It’s time for yet another “The day dawned bright and sunny” opening line to a Hellfest Open Air Review. In fairness we’d already seen more rain this year than on any of the previous ones, but nothing was going to dampen the occasion and we headed back into the arena for our second day in Hell.
In-keeping with the “bloody hell, we saw them in Leeds in a wee club not long ago” theme set by Hawkeyes on the main stage last year, this year it was Steak Number Eight who were the surprise opening name on the massive Hellfest main stage. If the guys were in any way overawed by the occasion then it didn’t show (after a few initial nervous looks) and the French crowd were soon getting into the Belgian’s sludgy vibe.
From the new to the quite old, and Japanese. Loudness Have been around for ages, one of those “Ooh, didn’t know they were still going” names from back in the day. Their date in Hell was part of their 35th anniversary “Shocking Devil’s Land” tour which, as with many of their contemporaries, sees them taking their music to a whole new generation of fans who missed them first time around on account of not being born, or in some cases their parents not being born.
The Japanese veterans did seem to struggle initially to win over the Clisson faithful, but once they hit full throttle it was hard not to be swept along by their old school “proper” metal.
After a spot of breakfast (more of those mysterious “burger between two potato” things) we headed up to the Altar / Temple biplex to catch a bit of Entrails (as in watch the band, not catch entrails in the Ozzy Osbourne sense). Given that it was still quite early the band had attracted a crowd that almost seemed to rival that on the main stage. This is a festival that loves its Death Metal, and the Swedish band served up an old school jeans-and-t-shirt clad masterclass.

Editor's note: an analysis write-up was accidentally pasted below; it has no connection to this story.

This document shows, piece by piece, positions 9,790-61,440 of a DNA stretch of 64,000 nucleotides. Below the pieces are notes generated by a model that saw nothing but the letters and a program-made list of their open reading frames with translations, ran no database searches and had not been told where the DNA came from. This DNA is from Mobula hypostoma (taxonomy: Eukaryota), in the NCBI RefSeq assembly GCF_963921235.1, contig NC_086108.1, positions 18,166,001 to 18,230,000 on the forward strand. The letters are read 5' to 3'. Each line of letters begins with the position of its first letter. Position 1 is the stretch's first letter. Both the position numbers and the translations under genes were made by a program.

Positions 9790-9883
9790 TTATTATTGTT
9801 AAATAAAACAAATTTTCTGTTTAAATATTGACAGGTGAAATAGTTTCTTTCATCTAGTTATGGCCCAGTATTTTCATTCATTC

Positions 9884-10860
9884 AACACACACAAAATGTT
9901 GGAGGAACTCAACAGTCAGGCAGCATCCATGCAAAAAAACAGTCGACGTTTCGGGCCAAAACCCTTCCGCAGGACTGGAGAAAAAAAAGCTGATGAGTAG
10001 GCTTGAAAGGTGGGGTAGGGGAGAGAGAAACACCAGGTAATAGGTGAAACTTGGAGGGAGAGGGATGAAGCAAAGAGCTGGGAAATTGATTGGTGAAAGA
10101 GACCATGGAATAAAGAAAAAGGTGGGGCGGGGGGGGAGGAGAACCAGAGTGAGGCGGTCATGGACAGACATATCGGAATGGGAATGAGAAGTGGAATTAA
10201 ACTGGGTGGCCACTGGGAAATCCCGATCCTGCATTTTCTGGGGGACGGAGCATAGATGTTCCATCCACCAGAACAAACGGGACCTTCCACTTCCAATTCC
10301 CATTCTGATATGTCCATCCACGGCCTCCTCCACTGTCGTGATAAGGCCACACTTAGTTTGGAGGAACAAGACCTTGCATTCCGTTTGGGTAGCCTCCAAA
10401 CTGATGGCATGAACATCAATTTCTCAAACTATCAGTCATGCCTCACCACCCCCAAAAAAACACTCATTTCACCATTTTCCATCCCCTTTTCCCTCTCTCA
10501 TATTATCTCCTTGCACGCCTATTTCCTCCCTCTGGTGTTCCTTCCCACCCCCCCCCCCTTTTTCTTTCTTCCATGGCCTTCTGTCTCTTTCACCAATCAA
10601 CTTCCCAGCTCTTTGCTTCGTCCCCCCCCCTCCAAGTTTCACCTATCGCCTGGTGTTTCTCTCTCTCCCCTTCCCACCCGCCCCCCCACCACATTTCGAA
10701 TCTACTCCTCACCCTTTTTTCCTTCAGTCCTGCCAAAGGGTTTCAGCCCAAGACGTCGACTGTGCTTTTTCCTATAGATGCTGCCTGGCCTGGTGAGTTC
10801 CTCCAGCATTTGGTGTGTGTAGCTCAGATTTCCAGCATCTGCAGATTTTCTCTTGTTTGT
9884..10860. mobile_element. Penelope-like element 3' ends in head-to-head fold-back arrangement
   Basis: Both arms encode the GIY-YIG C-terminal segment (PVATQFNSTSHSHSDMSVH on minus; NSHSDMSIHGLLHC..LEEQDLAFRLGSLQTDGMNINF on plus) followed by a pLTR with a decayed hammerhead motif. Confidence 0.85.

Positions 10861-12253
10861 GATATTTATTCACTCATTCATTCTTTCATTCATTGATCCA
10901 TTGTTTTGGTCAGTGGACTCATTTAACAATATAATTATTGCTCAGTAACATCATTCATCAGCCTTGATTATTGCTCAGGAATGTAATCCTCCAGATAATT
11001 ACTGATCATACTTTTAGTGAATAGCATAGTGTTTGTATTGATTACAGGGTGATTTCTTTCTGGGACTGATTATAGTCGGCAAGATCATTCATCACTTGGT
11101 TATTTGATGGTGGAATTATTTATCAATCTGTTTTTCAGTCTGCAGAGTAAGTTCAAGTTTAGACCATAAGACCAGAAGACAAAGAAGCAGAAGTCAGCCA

We didn’t know a great deal about what to expect of Entrails live before Hellfest, but they certainly grabbed our attention as just about the pick of the Death Metal over the weekend.
The next big thing for Team CB was on the main stage, but admittedly not for a couple of hours. There was one band over the weekend that a certain member of Team CB was not going to miss, and if the photographer didn’t get decent shots of them he’d be sleeping in a field somewhere.
Back to the main stage for something of a legend. Glenn Hughes is about the most, erm, venerable name on the bill and judging by the crowd that was packed in front of Mainstage 1 he was on just about everybody’s “must see” list. Glenn was resplendent in a (deep) waistcoat and the setlist was, as you’d imagine, a mix of solo stuff and highlights from some of the wee band’s he’s lent his considerable vocal talents to.
Mostly Deep Purple, quite a lot of Deep Purple.
Which is fine by us.
The highlight of the set came from the Purple daze, the distinctive opening riff to Burn getting the biggest cheer of the day thus far.
There were a lot of photographers in the queue for the photo pit as Glenn headed off Mainstage 1 and Atreyu let rip on Mainstage 2, but when they were called forward not many took the opportunity to get into the pit…
So we weren’t the only ones making damn sure we got in there for Sixx:AM.